Serum Institute has the capacity to make 250 million doses of Covishield monthly.
The Serum Institute of India has applied for a full marketing authorisation for its Covid vaccine, said company CEO Adar Poonawalla on Friday.
'Supplies of the COVISHIELD vaccine in India, have exceeded 1.25 billion doses. The government of India now has enough data for full market authorisation, and therefore @SerumInstIndia has applied to the @CDSCO_INDIA_INF (DCGI) and @MoHFW_INDIA for this permission, Poonawalla tweeted.
Covishield received a restricted emergency use authorisation in January this year.
Serum Institute of India has the capacity to make 250 million doses of Covishield monthly.
The vaccine has accounted for 88 per cent of all the Covid jabs given in India.
Unapproved medical product or unapproved uses of approved medical products get marketing authorisation in an emergency to diagnose, treat or prevent serious or life-threatening diseases or conditions.
For full authorisation, the regulator assesses more elaborate data collected over a longer period of time.
Ashish Prasad, partner, litigation and dispute resolution practice of Economic Laws Practice, said that a full authorisation is granted to any drug or vaccine after the regulator has studied the full data submitted from phase 1, 2 and 3 trials and has deemed the product to be fit to be marketed in public.
In case of an emergency use authorisation (EUA) an accelerated pathway is used where the regulator studies phase 1 and 2 data (along with interim efficacy data from phase 3 trials) to allow use of the product.
Safety is not compromised in EUA.
During the pandemic, vaccines have received EUAs from respective country regulators.
In August, the US food and drug administration granted a full authorisation to Pfizer-BioNTech's mRNA vaccine which is now marketed as Cominarty.
The research to develop a safe and effective Covid vaccine has been accelerated in 2020. This has never happened before.
Accelerated reviews of clinical trial data does not mean the trials have been rushed. The trials on subjects have taken their usual time, the doses being given at stipulated intervals.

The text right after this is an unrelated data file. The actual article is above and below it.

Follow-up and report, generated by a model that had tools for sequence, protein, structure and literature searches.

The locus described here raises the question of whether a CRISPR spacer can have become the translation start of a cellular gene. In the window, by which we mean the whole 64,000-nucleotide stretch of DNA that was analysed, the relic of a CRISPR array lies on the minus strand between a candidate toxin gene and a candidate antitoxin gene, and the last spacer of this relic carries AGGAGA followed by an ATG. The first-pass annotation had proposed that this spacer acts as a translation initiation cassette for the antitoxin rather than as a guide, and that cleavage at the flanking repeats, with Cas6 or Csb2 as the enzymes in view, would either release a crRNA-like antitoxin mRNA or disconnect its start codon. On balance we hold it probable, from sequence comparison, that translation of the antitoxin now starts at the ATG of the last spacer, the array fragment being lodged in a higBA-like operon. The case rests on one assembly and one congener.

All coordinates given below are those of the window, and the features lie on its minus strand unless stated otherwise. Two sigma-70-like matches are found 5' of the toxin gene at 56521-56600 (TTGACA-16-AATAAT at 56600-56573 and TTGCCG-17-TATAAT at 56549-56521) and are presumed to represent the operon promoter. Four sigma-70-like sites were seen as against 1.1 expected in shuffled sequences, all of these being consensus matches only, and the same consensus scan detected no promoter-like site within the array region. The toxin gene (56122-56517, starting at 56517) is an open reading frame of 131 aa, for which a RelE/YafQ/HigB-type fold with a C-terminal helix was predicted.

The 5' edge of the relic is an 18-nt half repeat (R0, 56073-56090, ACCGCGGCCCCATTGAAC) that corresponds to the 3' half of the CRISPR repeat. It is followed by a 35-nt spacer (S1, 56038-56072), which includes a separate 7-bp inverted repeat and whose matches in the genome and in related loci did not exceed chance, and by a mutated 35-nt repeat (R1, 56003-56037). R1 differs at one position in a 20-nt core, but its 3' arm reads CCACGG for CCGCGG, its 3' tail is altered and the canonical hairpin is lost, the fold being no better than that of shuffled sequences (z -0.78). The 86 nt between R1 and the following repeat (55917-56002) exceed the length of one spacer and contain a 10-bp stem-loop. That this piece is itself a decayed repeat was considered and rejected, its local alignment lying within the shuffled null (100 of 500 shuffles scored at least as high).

The recruitment of subjects has been a faster process and the regulator has been reviewing the data from these trials from time to time. This interim reviewing of data did not happen earlier.
The regulator would review the data once the trial was completed and the sponsor analysed and presented the data.
Now, the second important aspect here is that in this case, time is a factor.
The regulator would need long-term immunogenicity data (whether the vaccine induces the desired immunity against a disease pathogen) from the trials.
One may produce antibodies against the pathogen now, but it is important to see if the person also develops what we call memory-cell immunity.
This means that if exposed to the pathogen after a long period of time (say one year) he/she still produces antibodies.
When the vaccines got EUAs, no vaccine maker had any long-term data and also real-world data. Now that the vaccines have been administered to billions of people across the globe, there is real-world data.
It would capture adverse reactions (ARs) and serious adverse reactions (SARs) and based on that the regulators can now do a risk-benefit analysis, which was not possible even a few months back.
Regulators continue to review real world data even for approved vaccines.
Companies themselves take up phase 4 studies of vaccines which are already in the market to gather more data on safety, efficacy and side effects.
Feature Presentation: Ashish Narsale/Rediff.com